Arianism

Arianism

[air-ee-uh-niz-uhm, ar-]
Arianism, Christian heresy founded by Arius in the 4th cent. It was one of the most widespread and divisive heresies in the history of Christianity. As a priest in Alexandria, Arius taught (c.318) that God created, before all things, a Son who was the first creature, but who was neither equal to nor coeternal with the Father. According to Arius, Jesus was a supernatural creature not quite human and not quite divine. In these ideas Arius followed the school of Lucian of Antioch.

Rise of Arianism

Because of his heretical teachings, Arius was condemned and deprived of his office. He fled to Palestine and spread his doctrine among the masses through popular sermons and songs, and among the powerful through the efforts of influential leaders, such as Eusebius of Nicomedia and, to a lesser extent, Eusebius of Caesarea. The civil as well as the religious peace of the East was threatened, and Roman Emperor Constantine I convoked (325) the first ecumenical council (see Nicaea, First Council of). The council condemned Arianism, but the Greek term homoousios [consubstantial, of the same substance] used by the council to define the Son's relationship to the Father was not universally popular: it had been used before by the heretic Sabellius. Some, like Marcellus of Ancyra, in attacking Arianism, lapsed into Sabellianism (see under Sabellius).

Eusebius of Nicomedia used this fear of Sabellianism to persuade Constantine to return Arius to his duties in Alexandria. Athanasius, chief defender of the Nicene formula, was bishop in Alexandria, and conflict was inevitable. The Eusebians managed to secure Athanasius' exile, and when the Arian Constantius II became emperor, Catholic bishops in the East, e.g., Eustathius, were banished wholesale.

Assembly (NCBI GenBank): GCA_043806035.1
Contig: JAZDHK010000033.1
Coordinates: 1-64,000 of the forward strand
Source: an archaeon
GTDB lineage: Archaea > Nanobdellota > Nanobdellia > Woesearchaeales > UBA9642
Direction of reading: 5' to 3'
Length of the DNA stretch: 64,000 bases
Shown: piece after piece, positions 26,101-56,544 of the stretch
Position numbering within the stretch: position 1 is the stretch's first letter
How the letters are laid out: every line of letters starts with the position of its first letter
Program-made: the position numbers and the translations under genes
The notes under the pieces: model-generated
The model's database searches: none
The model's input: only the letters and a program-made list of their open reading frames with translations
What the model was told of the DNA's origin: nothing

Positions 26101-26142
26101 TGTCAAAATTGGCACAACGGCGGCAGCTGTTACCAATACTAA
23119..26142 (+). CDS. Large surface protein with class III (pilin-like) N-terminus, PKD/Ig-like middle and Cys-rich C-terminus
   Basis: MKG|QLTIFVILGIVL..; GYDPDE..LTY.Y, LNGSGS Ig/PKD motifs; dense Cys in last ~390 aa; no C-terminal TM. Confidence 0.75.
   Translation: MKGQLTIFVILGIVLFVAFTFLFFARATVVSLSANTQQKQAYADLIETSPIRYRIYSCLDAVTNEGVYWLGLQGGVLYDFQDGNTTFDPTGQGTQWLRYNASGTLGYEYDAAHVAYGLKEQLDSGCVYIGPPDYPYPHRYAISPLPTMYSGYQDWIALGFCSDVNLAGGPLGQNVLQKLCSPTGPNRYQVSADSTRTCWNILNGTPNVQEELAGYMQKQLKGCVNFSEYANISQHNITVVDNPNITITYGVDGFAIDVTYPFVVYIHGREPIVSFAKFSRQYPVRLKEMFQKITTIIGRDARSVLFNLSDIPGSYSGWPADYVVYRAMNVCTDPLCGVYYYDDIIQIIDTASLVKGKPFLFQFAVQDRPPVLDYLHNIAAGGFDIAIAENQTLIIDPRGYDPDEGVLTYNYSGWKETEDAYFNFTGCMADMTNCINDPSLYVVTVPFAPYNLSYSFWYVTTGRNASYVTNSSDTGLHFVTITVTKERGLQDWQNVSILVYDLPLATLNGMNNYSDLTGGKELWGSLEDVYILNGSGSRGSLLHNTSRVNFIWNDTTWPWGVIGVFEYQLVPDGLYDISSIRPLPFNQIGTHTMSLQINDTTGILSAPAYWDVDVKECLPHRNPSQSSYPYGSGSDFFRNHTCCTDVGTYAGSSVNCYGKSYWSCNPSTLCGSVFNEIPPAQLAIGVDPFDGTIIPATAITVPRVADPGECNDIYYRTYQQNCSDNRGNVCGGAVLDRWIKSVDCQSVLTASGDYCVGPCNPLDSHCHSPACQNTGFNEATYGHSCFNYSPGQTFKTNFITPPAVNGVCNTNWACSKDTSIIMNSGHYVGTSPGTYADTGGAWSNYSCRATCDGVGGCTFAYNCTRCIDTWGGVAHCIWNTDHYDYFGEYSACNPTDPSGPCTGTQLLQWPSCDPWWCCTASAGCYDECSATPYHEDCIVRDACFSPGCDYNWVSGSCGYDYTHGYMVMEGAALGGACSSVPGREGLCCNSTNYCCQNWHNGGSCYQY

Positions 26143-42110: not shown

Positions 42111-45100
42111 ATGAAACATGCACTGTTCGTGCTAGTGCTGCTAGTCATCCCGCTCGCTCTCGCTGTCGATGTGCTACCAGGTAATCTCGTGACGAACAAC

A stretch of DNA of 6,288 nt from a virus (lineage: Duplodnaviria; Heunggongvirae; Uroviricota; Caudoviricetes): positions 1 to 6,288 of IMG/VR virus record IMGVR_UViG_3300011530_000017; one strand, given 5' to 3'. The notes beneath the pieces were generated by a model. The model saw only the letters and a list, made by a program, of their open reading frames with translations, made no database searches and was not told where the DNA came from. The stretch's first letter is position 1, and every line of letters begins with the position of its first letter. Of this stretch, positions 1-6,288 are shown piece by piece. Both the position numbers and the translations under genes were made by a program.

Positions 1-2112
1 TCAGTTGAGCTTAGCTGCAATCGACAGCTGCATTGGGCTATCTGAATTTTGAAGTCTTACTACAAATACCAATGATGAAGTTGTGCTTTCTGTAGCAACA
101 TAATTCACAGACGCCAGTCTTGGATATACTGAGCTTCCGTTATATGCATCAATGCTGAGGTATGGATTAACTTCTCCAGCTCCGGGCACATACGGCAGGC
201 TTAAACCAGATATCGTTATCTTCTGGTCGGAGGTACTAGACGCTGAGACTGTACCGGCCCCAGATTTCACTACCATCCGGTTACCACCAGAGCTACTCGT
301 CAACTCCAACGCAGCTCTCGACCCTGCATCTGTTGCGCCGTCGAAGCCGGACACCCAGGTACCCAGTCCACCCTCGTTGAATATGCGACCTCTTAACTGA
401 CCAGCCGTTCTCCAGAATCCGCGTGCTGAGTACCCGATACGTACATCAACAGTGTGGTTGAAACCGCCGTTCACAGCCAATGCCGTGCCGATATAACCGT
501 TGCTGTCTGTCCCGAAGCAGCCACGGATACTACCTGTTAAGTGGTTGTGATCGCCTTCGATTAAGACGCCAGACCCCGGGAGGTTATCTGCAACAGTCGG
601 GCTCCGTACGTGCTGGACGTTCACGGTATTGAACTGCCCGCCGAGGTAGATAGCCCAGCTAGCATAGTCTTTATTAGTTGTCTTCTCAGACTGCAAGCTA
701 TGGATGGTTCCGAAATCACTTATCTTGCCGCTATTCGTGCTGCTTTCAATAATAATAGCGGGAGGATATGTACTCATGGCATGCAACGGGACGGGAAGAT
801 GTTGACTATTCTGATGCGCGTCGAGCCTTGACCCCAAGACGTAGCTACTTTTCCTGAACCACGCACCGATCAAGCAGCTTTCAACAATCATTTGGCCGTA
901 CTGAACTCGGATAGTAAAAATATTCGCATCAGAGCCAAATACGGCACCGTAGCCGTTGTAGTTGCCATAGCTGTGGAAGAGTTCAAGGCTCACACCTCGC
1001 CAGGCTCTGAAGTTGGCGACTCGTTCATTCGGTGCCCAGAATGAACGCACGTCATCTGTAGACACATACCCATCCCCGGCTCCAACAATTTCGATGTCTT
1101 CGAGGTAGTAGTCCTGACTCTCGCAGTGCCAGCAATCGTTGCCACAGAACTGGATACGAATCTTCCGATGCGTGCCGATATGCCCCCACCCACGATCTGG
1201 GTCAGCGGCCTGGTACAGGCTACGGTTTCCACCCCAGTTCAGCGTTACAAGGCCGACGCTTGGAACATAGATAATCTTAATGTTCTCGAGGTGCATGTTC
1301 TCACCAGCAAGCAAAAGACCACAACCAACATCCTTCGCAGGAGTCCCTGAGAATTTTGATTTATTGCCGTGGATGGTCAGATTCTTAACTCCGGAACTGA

Athanasius' exile in Rome brought Pope Julius I into the struggle. A council wholly favorable to Athanasius, convened at Sardica (c.343), was avoided by the Eastern bishops and ignored by Constantius. The Catholics were left dependent on Rome for support. After the West fell to Constantius, the Eusebians reversed the decisions of Sardica in several councils (Arles, 353; Milan, 355; Boziers, 356), and Pope Liberius, St. Hilary of Poitiers, and Hosius of Cordoba were exiled. The victorious Arians, however, had now begun to quarrel among themselves.

Divisions within Arianism

The Anomoeans [Gr.,=unlike], followers of Eunomius and Aetius, were pure Arians and held that the Son bore no resemblance to the Father. The semi-Arian court party were called Homoeans [Gr.,=similar], from their teaching that the Son was simply like the Father as defined by Scripture. A third party called Homoiousians [Gr.,=like in substance] were largely prevented from joining the orthodox (Homoousian) party through a misunderstanding of terms. The Arians debated their differences at Sirmium (351-59). The final formula was an ambiguous Homoean declaration that Constantius imposed (359) on the church in two councils, Rimini (for the West) and Seleucia (for the East).

Arianism Defeated